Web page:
Our bats were nectar-drinking animals, so instead of a galaxy of fruit, we used a simple solution of sugar in water. We poured this into a chicken-feeder and hung it at the spot we wanted to catch the animals. As the former site of an experiment, it was in fact a tiny clearing in the forest with a shack in bad repair and a power-supply line. Outside the shack was a corrugated metal sheet, corroded with rust and held up by metal poles to form a sort of roof without walls. The chicken-feeder hung under this roof, which we simply called “the hut”. Every evening we biked into the forest and set up the bait around dusk, when the bats woke up, stretched their wings, and headed out in search of food. The next morning we would collect the empty feeder, count it as a good sign that it was completely empty, clean the dead bugs out of it and bring it back to the office to be washed. An empty feeder meant that the bats had drunk it dry the previous night, which meant they were now well-trained to return to this spot every night. Several days of bicycling back and forth on Hilda and Alejandro’s spanking new bike had left me with a very sore bottom and growing impatience. When were we going bat-hunting already?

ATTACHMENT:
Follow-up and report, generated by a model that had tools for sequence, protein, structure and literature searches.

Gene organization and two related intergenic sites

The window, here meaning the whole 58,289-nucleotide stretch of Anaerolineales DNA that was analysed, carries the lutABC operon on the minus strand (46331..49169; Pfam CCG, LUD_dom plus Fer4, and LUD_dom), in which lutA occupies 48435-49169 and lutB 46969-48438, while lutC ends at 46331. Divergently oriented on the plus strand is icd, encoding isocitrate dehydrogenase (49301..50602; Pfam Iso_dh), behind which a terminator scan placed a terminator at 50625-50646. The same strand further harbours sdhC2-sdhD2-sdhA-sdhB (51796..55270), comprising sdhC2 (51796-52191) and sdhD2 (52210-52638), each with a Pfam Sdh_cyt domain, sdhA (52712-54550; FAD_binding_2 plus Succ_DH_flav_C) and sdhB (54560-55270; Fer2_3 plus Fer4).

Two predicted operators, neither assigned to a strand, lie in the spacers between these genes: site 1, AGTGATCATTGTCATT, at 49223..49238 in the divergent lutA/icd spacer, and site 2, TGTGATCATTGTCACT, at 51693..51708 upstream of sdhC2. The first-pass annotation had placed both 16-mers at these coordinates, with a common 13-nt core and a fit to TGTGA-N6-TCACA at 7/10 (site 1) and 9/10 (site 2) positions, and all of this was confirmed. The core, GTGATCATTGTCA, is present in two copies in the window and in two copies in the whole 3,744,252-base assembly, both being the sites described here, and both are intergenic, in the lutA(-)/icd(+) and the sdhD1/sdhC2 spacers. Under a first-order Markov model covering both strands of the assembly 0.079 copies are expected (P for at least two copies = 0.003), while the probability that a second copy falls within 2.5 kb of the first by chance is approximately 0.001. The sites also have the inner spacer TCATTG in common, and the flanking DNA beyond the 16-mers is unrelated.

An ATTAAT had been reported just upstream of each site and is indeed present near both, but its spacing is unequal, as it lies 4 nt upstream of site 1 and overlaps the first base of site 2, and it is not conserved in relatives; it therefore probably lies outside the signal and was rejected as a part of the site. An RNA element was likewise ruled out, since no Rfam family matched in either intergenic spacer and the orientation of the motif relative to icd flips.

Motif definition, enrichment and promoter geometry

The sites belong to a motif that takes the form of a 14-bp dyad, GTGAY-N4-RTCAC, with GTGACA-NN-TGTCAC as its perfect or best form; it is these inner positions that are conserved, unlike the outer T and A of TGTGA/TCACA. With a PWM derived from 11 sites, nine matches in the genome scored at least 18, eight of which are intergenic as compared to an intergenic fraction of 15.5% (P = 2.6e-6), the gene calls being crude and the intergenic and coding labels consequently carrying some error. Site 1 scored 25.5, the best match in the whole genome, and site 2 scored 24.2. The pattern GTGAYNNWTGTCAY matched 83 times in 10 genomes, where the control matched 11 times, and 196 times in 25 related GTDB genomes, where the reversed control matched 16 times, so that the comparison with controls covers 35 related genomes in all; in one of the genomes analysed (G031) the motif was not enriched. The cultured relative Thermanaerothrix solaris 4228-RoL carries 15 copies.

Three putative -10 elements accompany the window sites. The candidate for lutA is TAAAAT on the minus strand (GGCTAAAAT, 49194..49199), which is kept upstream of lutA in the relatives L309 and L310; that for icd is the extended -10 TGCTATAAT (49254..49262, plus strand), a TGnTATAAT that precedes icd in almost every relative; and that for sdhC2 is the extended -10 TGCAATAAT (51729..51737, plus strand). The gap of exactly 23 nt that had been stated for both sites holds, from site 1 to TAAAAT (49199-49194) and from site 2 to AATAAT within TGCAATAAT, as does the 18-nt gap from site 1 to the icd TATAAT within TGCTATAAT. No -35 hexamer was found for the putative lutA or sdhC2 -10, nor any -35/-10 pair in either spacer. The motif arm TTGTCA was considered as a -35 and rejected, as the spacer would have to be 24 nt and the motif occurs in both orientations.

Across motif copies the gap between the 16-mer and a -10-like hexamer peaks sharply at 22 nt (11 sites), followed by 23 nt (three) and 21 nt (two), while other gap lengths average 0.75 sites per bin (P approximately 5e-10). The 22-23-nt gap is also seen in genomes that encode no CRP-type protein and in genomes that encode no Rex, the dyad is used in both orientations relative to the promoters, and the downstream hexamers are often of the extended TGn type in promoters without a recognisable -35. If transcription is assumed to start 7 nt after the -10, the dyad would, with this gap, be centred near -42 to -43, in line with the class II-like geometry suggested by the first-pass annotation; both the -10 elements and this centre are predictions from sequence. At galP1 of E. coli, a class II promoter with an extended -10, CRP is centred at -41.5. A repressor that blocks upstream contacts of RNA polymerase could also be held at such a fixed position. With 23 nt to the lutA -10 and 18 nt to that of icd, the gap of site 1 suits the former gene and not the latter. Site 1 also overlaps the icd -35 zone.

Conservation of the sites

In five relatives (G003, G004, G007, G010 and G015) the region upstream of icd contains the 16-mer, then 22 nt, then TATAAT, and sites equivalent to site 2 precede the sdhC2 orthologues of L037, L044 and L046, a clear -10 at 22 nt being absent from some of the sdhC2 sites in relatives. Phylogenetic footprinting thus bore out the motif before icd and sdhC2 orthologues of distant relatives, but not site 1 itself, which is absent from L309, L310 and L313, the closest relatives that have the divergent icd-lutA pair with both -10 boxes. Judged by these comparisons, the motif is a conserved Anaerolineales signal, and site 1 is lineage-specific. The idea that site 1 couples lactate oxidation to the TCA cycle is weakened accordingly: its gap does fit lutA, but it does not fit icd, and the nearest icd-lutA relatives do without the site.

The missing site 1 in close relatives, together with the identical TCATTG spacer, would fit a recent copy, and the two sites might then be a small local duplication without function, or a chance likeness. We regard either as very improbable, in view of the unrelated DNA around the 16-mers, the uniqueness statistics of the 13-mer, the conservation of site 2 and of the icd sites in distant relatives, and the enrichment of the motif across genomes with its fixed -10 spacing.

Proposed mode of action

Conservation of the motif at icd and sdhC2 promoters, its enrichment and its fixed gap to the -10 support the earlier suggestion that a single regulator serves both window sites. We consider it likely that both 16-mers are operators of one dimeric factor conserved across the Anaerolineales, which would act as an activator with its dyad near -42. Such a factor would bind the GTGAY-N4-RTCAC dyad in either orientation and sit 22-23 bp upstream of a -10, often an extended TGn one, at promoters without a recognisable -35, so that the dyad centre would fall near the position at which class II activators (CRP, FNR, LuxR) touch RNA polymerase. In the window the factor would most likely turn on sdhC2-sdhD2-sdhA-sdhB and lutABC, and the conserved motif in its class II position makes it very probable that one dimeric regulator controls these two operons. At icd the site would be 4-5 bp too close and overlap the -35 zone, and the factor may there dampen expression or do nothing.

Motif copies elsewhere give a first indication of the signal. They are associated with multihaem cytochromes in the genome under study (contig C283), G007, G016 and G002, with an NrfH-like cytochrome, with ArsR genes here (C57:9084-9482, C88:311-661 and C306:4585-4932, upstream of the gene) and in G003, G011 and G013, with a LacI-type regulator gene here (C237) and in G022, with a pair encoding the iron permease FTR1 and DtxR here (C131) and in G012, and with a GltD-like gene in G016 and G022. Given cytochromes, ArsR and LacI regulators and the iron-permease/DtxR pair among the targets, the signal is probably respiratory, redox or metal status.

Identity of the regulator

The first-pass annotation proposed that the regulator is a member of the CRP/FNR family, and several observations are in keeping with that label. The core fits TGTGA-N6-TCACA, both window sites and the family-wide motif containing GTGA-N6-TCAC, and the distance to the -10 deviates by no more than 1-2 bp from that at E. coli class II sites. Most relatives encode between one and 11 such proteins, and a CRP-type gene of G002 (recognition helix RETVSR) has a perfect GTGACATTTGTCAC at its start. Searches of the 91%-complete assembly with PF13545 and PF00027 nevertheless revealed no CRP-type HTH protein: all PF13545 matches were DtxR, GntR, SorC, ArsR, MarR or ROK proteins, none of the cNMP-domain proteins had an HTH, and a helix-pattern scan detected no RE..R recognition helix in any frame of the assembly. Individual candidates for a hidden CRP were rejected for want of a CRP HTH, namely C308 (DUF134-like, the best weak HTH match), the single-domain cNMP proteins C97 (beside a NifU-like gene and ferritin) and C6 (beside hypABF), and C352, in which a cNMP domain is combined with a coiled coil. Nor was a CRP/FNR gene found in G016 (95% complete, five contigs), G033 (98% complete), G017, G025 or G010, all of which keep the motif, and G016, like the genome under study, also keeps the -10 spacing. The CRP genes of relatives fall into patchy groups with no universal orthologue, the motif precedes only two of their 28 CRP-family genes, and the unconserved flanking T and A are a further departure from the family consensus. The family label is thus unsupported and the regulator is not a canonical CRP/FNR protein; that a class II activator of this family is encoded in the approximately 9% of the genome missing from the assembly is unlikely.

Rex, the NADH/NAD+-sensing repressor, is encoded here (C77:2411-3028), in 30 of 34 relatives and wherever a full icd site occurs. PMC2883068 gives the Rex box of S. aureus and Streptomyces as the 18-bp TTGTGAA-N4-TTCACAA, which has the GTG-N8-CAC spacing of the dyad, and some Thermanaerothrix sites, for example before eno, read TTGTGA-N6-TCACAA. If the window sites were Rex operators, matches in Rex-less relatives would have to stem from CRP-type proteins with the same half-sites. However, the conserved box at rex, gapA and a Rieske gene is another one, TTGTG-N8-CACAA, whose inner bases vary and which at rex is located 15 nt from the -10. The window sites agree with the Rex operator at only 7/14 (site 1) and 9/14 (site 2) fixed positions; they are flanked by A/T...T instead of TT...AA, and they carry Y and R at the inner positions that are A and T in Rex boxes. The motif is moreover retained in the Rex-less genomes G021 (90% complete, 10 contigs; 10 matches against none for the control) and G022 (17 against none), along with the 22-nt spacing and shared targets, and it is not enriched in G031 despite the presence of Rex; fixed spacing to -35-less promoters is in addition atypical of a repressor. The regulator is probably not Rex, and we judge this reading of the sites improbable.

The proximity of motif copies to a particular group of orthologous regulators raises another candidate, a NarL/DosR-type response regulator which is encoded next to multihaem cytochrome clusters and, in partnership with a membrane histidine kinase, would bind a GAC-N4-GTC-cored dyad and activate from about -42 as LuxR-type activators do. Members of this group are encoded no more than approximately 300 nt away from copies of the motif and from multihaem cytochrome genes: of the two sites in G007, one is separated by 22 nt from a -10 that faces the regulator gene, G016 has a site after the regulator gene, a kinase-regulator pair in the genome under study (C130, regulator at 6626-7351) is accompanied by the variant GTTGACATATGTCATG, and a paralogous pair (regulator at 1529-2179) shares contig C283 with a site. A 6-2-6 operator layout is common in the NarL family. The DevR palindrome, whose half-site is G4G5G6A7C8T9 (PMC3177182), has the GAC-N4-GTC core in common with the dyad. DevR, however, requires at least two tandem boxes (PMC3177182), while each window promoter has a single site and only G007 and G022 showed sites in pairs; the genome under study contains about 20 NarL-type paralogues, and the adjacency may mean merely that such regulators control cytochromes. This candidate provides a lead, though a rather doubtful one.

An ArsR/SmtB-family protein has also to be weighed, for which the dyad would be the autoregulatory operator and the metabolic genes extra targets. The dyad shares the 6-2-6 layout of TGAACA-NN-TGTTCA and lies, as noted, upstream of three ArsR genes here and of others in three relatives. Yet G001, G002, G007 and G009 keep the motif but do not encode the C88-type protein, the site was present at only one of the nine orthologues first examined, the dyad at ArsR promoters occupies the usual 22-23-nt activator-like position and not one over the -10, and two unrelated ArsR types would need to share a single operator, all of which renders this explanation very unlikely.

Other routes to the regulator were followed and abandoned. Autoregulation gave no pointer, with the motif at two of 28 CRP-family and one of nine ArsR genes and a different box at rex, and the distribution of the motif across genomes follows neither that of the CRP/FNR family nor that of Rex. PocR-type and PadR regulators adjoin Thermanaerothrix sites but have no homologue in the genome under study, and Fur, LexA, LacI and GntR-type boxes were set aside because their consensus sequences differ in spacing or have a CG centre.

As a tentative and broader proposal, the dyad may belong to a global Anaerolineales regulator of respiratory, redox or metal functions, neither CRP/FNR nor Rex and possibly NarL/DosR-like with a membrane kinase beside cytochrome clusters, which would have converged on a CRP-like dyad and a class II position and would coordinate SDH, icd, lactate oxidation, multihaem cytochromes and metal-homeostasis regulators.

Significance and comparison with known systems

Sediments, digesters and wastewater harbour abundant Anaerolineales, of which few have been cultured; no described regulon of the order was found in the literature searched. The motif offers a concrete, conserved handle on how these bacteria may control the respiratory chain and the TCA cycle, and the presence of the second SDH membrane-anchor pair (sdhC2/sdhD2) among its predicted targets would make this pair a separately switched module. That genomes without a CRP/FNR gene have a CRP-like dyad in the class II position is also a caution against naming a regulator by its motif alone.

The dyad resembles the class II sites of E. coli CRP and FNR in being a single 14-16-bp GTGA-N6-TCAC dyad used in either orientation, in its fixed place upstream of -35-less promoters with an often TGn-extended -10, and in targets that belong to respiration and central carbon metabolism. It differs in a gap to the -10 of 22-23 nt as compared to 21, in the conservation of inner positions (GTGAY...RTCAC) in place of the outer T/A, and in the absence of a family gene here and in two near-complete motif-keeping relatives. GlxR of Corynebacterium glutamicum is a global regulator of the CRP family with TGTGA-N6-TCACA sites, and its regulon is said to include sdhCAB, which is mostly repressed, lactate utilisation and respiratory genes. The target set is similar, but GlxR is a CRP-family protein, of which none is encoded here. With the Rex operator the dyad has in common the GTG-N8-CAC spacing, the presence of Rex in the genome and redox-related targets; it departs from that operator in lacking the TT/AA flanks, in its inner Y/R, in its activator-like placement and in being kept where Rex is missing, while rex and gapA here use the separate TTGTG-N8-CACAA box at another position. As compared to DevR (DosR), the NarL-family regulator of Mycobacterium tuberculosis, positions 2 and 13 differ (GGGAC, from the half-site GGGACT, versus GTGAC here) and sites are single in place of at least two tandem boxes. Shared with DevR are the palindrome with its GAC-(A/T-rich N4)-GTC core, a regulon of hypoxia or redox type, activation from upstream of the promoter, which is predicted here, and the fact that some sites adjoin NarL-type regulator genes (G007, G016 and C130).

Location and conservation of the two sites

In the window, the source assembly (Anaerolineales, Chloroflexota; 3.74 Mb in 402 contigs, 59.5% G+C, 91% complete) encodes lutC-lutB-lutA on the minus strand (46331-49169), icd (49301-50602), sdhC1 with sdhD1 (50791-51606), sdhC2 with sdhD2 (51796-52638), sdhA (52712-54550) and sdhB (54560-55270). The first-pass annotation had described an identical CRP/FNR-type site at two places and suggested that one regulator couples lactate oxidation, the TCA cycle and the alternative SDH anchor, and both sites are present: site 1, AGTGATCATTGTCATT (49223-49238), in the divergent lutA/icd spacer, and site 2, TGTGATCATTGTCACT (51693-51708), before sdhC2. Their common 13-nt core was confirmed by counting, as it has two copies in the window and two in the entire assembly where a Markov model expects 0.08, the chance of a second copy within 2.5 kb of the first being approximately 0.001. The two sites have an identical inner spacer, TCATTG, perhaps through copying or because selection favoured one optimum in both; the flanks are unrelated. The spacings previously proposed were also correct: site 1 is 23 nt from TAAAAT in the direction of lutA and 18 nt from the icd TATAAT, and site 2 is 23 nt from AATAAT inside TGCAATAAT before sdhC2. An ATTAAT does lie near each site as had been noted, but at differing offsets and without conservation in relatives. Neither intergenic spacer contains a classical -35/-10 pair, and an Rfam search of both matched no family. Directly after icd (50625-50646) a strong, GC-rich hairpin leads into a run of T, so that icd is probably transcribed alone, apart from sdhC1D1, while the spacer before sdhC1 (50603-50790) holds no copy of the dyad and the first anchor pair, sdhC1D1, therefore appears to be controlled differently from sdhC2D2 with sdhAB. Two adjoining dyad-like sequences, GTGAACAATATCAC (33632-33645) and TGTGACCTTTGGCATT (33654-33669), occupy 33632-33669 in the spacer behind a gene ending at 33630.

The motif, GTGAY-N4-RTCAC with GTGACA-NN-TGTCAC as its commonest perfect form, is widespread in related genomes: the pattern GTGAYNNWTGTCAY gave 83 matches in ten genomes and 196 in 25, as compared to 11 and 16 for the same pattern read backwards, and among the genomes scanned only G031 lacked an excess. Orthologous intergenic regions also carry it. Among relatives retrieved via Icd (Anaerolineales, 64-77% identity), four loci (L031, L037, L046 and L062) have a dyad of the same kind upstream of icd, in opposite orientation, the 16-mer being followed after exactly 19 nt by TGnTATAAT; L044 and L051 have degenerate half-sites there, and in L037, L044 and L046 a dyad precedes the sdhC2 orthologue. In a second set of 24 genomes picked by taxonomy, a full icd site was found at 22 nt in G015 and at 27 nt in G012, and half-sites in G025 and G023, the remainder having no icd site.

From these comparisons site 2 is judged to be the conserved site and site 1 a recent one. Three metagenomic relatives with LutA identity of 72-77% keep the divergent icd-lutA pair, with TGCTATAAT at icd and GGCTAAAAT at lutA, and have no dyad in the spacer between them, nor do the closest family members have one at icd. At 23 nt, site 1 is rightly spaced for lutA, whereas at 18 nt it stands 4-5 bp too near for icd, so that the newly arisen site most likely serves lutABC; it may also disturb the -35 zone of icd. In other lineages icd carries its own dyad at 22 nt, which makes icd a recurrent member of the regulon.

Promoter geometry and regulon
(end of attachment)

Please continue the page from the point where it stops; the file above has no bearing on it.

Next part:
That afternoon Hilda dug out an inoffensive looking plastic bag from one of the storage boxes and took me out to the corridor so we could unravel the mist-net and prepare it to be set up. Then she proceeded to pull yard upon yard upon yard of soft, fine, tangled black thread from the bag.
“What the hell is that?”
“The mist-net of course. Don’t worry -” she added hastily, pulling a few dry leaves out of it, “It’s not as bad as it looks! We’ll untangle it, and set it up, and we can fold it so it won’t tangle again.”